Lifeboat Farm

A chicken waterer for chicken feed
November 10, 2011, 4:39 pm
Filed under: Menagerie, Water

We’d been looking for a while for a good solution to keeping the chickens well supplied with fresh, clean water. Constant access to fresh water is a big factor in chicken health and egg laying. Delivering them water is one thing, but if you’ve ever kept chickens, you’ll know how messy they can be. Their natural scratching behaviour tends to foul up any water container with dirt, poo and anything else they can get their talons on.

We’ve used refillable chicken waterers in the past but they have a few limitations: you have to refill them every day or two, they need regular cleaning, and most of them are translucent so you get algae growing in them eventually.

So I wanted something that I could plumb in to the regular farm water system that feeds all our troughs to avoid refilling, but that would also stay clean and algae-free.

Enter the water box.

I’d seen this design for sale on the internet for upwards of $80 and to my mind it just looked like a plastic box with a trough valve and holes. Given that I had almost all the parts in the workshop, I just needed to buy a big plastic box from The Warehouse. Price; $15.

I drilled a hole and attached a spare trough valve so the water level would end up about 3/4 full and hooked it up to the water supply. When it had filled, I marked the water level, and just above that, I drilled the three large holes with the biggest hole saw I had – it just has to be big enough to fit a chicken’s head through. And that’s it.

I left the lid off for a day so the chickens got used to drinking out of it (both out of the top, and through the holes). Now the chickens use it all the time. After a month’s test, the water is still pristine and algae-free. The high walls keep out all the grit and the solid plastic keeps enough light out that algae can’t grow.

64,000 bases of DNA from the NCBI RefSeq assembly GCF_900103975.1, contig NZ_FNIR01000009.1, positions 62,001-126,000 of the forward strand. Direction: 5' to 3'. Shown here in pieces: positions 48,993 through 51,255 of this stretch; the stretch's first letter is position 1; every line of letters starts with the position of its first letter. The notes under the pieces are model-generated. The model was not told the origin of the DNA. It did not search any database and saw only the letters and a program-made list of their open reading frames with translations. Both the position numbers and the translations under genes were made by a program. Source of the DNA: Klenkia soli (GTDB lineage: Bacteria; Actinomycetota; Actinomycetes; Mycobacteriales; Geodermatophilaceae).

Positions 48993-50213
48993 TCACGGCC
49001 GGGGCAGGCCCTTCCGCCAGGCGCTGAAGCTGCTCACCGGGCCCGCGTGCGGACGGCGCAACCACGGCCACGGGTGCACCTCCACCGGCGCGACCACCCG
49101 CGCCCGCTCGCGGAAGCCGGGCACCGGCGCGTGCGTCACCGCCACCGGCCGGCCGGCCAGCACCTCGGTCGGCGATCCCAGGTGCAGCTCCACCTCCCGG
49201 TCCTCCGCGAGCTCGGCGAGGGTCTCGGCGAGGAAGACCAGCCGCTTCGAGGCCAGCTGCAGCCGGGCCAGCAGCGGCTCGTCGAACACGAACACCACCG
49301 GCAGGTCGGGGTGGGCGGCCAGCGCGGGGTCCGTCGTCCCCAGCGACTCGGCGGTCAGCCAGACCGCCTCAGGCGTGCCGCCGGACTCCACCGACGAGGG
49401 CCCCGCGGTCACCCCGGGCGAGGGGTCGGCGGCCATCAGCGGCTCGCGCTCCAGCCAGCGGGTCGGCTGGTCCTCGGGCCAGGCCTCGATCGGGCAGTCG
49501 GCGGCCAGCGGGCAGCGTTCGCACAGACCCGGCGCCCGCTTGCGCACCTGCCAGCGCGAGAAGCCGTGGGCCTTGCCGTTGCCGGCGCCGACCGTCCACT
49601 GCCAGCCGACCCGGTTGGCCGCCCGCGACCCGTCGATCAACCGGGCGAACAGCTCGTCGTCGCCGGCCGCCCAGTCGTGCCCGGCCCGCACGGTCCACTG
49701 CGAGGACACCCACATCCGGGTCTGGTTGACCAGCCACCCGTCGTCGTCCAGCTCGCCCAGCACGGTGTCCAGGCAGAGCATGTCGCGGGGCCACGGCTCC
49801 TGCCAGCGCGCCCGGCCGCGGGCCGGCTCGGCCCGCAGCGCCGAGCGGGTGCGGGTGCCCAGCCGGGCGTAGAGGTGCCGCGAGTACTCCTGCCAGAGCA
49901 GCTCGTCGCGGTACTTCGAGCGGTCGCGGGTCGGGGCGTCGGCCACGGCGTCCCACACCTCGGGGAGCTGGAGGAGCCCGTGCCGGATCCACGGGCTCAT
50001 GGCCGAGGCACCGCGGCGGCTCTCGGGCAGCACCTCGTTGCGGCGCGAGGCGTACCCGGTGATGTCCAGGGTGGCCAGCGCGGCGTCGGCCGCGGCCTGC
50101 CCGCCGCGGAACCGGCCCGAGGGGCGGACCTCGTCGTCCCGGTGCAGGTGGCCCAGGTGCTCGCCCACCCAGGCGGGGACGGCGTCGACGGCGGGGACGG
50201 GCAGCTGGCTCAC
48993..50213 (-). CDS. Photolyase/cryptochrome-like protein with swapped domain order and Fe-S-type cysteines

This easy project is proof that you don’t always have to spend a lot of dosh to solve farm problems.



Organic lawnmowers
October 12, 2010, 4:49 pm
Filed under: Garden, Menagerie

The grass around the big garden is getting a bit out of hand (you’d think it was Spring) so Bree and Cammi are getting a few hours of lawnmower duty each day. They don’t seem to be complaining and their “emissions” are good for the grass.


We have too many bantams
April 14, 2010, 1:59 pm
Filed under: Menagerie

Updated: We’ve now found homes for them all – thanks for all the emails and comments.


We got a few broody bantam hens to incubate some eggs for us (the shavers we have are great layers but not so good at mothering). Unfortunately the bantams started sneaking off to have clutches of their own so now we have a bit of a surplus.

If you’re anywhere near Masterton and would like some free bantams (hens, roosters or chicks) then drop us a line –

New pigs have arrived
January 21, 2010, 10:47 am
Filed under: Menagerie

We finally have our new batch of piglets. Having just arrived we’ve put them in the stables for a few days until they get used to us and learn where their food comes from. This will make them much easier to move around once they are out and about.


After a couple of escapes from the stables we think we have finally perfected the pig-proof stall and will release them into their new forest home soon. They’ll have about 2 acres of mature woodlot to fossick about in with fresh water and a house to shelter from the weather. The entire perimeter has a snout-height electric wire to keep them safely in the woodlot (and our adjacent gardens safe from them).


Cows love grass – who knew?
January 20, 2010, 10:38 am
Filed under: Menagerie, Pasture

New grass day for the cows is their favourite day I’m guessing. Our girls are still putting on good weight being just on pasture this time of year. We could probably get them fatter faster if we gave them grain or palm kernel but why would you when they are perfectly evolved to eat pasture, and nothing but.


New Year’s Ham
January 3, 2010, 4:46 pm
Filed under: Food, Menagerie

With so many family and friends visiting over the holidays we thought it smarter to cut our ham in half so it would last longer. This turned out to be a wise idea once we started eating it. This is the 2nd half of our 8.4kg ham from our own pigs. It tasted as good as it looks.


Knowing that we gave our pigs the best life possible and a dignified end made the ham taste even better. Here they were a few months ago.


Happy Moo year
January 1, 2010, 4:05 pm
Filed under: Menagerie


We’re looking forward to another exciting year on the farm, filled with discovery, fun and delicious food (shhh, don’t tell the cows). We’ve still got a way to go before our lifestyle is truly self sufficient, but the journey is certainly proving to be enjoyable.